Evergreen Safety Council offers a certification series of training for Safety and Health Specialists, where accident prevention is a common thread through all of the training sessions. If you have an interest in obtaining this certification, contact ESC at (800) 521-0778 or via the links on this web-site to learn more about this, and all the workplace safety programs we offer.
Picture source: the Navy Safety Center

Tuesday, May 25, 2010

Training and Unsafe Workers

Contributed by Roger Hurst, Evergreen Safety Council
Unsafe workers are a chronic problem in some industries more than others. They might ignore cohort’s safety concerns while influencing others at the same time. You need to identify these individuals before everyone’s safety is jeopardized.

A safe working environment is not only more productive but is also more profitable. Your ROI will rise with a properly administered program. You must use the techniques OSHA recommends: Training/information, enforcement and rewards. This also must be repeated to become effective. You need to repeat safety training in a downward path from management with safety rules, training programs and internal communications. You must also repeat safety training in an upward motion to make sure your message is being received and understood.

The OSHA most cited standards for 2009 are:
1. Scaffolding
2. Fall Protection
3. Hazard communications
4. Respiratory protection
5. Lockout/tagout
6. Ladders
7. Powered industrial trucks
8. Electrical wiring
9. Electrical design
10. Fall Protection, training

These same infractions occur year-after-year. This is why repetition of training is so important for the safety of all your employees. As you know OR-OSHA, DOSH, AKOSH, OSHA and MSHA are all upping their fines for these infractions.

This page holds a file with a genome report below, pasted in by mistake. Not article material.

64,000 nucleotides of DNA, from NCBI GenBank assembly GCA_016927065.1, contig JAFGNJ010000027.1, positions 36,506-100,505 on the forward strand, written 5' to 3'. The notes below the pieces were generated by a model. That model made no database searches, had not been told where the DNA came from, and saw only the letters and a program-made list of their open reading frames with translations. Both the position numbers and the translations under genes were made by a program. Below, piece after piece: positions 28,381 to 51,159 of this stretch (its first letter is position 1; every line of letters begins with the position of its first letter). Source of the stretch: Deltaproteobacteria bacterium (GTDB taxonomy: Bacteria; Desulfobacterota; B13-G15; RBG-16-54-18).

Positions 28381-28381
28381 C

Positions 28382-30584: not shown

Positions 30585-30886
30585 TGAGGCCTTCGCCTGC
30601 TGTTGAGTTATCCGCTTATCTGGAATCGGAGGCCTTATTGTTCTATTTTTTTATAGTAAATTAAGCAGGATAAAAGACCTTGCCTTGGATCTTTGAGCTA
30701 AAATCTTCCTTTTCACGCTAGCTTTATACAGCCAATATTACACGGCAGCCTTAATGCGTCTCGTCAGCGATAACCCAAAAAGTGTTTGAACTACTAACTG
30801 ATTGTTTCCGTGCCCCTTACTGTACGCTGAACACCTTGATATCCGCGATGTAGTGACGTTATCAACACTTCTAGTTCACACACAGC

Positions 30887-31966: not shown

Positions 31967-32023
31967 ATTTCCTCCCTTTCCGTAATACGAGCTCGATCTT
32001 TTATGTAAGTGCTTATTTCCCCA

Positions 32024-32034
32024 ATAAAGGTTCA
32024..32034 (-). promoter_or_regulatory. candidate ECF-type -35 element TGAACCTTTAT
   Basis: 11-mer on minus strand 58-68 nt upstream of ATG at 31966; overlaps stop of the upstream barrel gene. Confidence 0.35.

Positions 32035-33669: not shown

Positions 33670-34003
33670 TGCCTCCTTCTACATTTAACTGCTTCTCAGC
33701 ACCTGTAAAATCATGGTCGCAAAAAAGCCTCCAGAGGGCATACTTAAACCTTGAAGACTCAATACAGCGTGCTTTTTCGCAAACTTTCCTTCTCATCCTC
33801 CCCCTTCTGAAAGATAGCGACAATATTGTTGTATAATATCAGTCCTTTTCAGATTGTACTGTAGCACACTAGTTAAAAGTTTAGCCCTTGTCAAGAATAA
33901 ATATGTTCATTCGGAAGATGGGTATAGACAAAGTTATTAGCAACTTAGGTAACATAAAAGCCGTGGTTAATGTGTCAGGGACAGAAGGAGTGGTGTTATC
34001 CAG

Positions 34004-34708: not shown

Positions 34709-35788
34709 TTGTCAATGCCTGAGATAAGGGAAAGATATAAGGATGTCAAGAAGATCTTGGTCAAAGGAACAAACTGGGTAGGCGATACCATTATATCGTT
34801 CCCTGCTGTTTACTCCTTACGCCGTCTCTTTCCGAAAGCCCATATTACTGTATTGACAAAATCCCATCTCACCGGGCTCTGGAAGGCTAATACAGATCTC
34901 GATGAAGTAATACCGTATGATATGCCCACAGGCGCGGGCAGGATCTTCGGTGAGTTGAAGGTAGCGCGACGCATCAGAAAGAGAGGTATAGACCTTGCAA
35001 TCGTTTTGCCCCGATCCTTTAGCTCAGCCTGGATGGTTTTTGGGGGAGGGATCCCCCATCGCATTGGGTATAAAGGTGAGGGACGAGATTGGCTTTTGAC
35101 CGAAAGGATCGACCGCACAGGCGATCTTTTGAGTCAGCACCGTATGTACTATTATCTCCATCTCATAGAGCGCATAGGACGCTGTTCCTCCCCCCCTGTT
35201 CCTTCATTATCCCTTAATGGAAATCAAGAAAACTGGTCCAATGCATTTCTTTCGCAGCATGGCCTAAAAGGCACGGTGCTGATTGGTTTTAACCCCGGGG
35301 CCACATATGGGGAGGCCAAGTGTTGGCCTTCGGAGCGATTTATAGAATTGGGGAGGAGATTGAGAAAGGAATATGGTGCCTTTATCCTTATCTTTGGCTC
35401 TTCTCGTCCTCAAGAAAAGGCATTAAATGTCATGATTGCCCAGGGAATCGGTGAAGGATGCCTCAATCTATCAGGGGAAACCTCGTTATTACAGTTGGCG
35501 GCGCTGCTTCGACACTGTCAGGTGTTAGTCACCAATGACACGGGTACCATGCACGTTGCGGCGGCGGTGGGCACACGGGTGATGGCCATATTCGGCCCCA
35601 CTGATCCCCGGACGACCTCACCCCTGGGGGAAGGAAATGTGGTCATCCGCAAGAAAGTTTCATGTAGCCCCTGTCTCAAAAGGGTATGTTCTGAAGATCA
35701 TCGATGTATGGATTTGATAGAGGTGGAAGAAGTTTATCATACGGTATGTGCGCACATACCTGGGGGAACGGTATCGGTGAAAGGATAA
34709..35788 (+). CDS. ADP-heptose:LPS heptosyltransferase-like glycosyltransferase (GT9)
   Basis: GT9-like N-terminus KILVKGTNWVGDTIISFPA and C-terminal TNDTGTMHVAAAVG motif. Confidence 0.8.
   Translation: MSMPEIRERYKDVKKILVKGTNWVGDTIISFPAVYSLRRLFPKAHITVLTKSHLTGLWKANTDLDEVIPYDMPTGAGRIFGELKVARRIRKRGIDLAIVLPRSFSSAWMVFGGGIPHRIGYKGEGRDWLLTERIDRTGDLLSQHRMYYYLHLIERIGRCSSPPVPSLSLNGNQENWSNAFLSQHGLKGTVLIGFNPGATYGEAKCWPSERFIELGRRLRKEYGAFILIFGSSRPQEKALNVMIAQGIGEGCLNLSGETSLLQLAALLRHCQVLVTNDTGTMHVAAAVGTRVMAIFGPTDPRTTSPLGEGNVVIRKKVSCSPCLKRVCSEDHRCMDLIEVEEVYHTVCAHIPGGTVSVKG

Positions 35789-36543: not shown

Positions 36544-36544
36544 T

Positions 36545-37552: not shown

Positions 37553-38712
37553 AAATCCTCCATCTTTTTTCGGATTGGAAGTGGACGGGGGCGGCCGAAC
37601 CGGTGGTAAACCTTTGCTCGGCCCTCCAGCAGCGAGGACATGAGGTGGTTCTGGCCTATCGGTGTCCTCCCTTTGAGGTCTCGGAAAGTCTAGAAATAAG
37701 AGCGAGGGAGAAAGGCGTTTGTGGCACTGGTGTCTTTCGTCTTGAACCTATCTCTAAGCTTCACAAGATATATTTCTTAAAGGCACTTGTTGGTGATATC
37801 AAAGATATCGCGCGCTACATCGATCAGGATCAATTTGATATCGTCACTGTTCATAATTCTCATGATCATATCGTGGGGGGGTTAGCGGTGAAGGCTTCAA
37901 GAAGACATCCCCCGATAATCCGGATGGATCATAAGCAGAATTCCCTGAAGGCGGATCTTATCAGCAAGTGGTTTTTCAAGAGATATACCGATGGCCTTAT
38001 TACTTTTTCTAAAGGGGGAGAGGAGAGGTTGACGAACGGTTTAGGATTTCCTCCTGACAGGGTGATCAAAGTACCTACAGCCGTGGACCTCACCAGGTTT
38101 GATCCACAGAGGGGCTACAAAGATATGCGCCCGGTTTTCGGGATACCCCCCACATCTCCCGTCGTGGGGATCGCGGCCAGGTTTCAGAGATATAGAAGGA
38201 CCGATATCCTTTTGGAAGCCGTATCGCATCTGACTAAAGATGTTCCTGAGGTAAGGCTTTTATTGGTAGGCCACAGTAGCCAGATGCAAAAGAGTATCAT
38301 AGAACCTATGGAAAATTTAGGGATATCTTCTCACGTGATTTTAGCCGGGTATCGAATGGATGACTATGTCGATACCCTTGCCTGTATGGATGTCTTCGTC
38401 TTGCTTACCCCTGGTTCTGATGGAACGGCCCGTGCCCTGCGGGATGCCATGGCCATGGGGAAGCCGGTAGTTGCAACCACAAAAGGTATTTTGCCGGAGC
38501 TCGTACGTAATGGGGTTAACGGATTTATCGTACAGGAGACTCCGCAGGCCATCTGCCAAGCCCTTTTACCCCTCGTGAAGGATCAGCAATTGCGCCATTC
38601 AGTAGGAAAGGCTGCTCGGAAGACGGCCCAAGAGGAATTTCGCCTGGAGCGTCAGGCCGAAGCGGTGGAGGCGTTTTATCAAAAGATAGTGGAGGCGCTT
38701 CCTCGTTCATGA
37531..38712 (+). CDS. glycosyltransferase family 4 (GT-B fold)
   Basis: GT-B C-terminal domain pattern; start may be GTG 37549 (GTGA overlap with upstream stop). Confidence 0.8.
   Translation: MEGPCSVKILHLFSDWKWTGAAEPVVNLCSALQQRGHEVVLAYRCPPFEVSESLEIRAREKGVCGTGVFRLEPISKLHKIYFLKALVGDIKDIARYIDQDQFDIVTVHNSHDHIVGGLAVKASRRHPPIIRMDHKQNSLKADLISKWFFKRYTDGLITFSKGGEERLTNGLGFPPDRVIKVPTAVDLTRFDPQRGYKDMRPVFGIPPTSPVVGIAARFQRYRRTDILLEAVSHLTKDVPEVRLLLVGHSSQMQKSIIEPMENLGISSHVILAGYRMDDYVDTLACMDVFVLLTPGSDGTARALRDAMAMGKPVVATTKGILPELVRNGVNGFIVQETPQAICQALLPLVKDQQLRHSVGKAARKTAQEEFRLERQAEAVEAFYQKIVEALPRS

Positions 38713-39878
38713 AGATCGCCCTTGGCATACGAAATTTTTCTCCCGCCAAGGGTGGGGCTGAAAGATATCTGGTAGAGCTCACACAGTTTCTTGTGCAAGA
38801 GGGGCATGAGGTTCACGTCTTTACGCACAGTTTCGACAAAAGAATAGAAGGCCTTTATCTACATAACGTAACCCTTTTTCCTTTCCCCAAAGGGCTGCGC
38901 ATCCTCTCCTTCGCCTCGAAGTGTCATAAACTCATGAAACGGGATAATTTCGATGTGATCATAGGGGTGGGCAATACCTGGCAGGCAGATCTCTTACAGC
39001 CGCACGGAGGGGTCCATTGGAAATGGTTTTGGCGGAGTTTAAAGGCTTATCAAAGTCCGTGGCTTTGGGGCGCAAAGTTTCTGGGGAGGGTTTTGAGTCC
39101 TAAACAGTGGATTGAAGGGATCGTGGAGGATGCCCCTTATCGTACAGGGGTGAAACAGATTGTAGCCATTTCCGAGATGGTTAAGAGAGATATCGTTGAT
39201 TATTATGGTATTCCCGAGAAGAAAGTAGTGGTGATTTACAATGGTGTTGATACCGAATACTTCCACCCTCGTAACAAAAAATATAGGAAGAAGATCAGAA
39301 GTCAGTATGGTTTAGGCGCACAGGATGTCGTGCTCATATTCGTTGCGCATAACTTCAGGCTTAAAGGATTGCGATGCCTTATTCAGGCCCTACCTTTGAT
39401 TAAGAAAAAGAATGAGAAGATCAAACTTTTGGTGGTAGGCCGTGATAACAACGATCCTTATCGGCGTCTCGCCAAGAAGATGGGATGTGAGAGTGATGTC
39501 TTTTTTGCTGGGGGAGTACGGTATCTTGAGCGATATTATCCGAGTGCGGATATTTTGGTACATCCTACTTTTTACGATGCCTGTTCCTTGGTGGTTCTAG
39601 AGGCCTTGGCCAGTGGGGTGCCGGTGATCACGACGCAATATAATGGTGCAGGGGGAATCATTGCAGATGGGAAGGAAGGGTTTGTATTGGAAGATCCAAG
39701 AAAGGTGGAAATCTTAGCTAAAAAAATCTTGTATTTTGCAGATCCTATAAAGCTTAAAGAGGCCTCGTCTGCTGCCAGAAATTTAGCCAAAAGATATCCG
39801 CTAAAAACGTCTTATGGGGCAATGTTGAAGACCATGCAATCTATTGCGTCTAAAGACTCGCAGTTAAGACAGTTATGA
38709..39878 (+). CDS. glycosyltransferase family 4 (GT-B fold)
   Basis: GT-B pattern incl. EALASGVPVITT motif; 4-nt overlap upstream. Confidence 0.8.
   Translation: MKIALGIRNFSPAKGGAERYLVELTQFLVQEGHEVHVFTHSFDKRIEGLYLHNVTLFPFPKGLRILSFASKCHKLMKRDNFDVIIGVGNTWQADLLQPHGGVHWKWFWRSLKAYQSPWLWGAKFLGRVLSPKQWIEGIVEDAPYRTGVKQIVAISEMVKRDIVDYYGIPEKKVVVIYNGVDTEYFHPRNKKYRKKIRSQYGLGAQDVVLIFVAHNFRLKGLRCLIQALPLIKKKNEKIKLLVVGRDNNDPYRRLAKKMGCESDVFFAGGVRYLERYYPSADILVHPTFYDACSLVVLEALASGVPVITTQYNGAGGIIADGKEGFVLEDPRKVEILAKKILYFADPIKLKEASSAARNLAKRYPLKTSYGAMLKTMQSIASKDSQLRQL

You can purchase all the safety equipment you want, but only safety training will assure your workers use and implement this equipment. We are the company who can provide this training for your companies. We have the all new Total Safety Compliance program which saves you time, money and the hassle of keeping records of your safety training. Please give us a call to get your program started today. 206-382-4090.

Friday, May 21, 2010

The Morning After

We survived the 2010 Washington Traffic Safety Confernce. Each year we grow the conference a little bit bigger. This year, there were over 70 people in attendance participating in 7 speaker presentations and visiting the 6 vendor booths.

The WSCJTC facilities were great, with the added benefit of a floor show. In the morning we watched the color guard raise the flag, march around and even do push ups. During lunch there was a K9 demonstration, and on one break we watched Seattle PD trainees practice entering a building with guns drawn.

Highlights of the Conference included Washington Traffic Safety Commission and Evergreen presenting Senator Eide with an award for her efforts in passing the cell phone and texting bill, as well as Syd Muzzy's interactive presentation, which is always well received.

What People are saying: "This (conference) will enhance my EverSafe Driving instructions... (This conference provided me with) resources and tools to use in my own presentations to staff and clients... I really enjoyed all the helpful & useful information... This was an extremely valuable presentation. If more people knew about how useful this information was, you would fill the auditorium 10 times!"

To see the pictures from the conference, come visit us on Facebook. Come join the conversation.

Wednesday, May 19, 2010

Yikes! The Traffic Safety Conference is Tomorrow

Evergreen staffers are working hard to prep for tomorrow's Traffic Safety Conference. Eight months of planning seems like a lot, and then suddenly its - tomorrow. We have the attendee packets ready to go, speakers and vendors are all set, the program agendas are printing as I type this, and most importantly...the food is ordered.